Boiler tube corrosion causes material wastage, which eventually will lead to equipment failure due to hoop stress or the replacement of the material if the mechanism is not identified. The extent and type of corrosion impacting boiler tubes can vary widely and is driven by a number of operational conditions. High temperature corrosion leading to boiler tube wastage does not follow the rules of wet chemistry and so is often misunderstood.
Also, mechanisms such as fly ash erosion can couple with corrosion by removing oxide scales, thus accelerating wastage rates from boiler tube corrosion. As another example, some corrosion phenomena, such as coal ash corrosion, only occur at specific temperature ranges. The following is a list of factors that can affect the rate and mechanism of thinning in boilers due to corrosion:
- Tube skin temperature.
- Corrosive gas composition due to fuel type.
- Flue gas stoichiometry.
- Boiler design.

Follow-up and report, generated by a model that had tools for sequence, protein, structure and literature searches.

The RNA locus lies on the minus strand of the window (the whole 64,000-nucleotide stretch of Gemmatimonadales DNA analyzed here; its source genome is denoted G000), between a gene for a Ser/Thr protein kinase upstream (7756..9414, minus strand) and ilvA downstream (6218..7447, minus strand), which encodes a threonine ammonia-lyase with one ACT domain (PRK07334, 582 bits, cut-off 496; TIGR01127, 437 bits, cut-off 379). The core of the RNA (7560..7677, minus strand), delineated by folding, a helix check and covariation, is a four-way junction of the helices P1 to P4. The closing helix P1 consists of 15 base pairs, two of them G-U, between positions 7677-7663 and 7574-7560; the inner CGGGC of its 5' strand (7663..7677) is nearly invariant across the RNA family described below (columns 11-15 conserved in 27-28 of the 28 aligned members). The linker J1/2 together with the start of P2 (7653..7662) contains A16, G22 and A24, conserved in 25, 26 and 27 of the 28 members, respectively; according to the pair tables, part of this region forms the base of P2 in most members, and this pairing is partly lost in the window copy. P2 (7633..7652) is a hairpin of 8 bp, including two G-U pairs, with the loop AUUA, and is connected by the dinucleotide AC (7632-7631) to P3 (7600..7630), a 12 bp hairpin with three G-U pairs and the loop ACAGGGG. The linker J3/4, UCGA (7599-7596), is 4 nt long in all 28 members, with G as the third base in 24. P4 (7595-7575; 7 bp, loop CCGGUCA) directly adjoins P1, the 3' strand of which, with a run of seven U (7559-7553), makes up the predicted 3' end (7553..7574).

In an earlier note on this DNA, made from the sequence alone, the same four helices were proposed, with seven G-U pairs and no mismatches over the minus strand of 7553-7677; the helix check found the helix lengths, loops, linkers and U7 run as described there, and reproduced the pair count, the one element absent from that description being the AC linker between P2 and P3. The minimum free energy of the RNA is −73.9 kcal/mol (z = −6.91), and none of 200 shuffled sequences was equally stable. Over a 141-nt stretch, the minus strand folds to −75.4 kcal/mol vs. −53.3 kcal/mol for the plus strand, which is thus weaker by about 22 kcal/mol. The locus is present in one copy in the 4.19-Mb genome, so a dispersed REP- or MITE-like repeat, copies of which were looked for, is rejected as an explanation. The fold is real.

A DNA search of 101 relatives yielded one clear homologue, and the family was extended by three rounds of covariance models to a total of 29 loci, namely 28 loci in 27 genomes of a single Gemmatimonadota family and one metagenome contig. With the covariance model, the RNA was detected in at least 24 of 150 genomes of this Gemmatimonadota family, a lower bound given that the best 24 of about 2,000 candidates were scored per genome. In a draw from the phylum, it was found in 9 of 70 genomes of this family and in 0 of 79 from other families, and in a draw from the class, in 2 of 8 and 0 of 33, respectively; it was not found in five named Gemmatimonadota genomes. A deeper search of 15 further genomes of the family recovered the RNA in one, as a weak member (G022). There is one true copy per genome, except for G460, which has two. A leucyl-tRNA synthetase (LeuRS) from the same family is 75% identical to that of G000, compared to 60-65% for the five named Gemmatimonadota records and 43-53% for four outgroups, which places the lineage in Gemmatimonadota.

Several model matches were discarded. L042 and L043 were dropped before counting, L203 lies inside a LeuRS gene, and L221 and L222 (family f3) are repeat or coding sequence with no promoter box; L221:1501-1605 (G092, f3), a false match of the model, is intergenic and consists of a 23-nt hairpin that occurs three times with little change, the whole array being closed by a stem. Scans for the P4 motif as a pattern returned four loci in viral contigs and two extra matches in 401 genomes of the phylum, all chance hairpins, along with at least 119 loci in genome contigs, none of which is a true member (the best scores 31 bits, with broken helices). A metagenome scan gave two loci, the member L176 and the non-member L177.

- Moisture content of fuel.
- Erosion due to fly ash or sootblowing, which aggravates corrosion rates.
In order to address the problem of boiler tube corrosion, the boiler must be readily inspected with UT to identify thinning areas. If areas are losing thickness due to corrosion, corrective actions can be implemented. Based on the condition of the tubes, operational conditions, and the operator’s equipment maintenance run-time objectives and budget, there are several solutions, including:
- Ceramic cladding application with UTEx 6-040 or 6-041.
- MetalsprayTM with HVAS or HVOF processes.
- Corrosion resistant weld overlay.
- Boiler tube replacement.
IGS undergoes a unique research process for each potential application in order to understand the corrosion or erosion mechanism and recommend the optimal material and application process solution to solve the operator’s problem. The IGS Technology Center provides analysis of failed boiler tube sections and diagnoses the corrosion and/or erosion mechanism.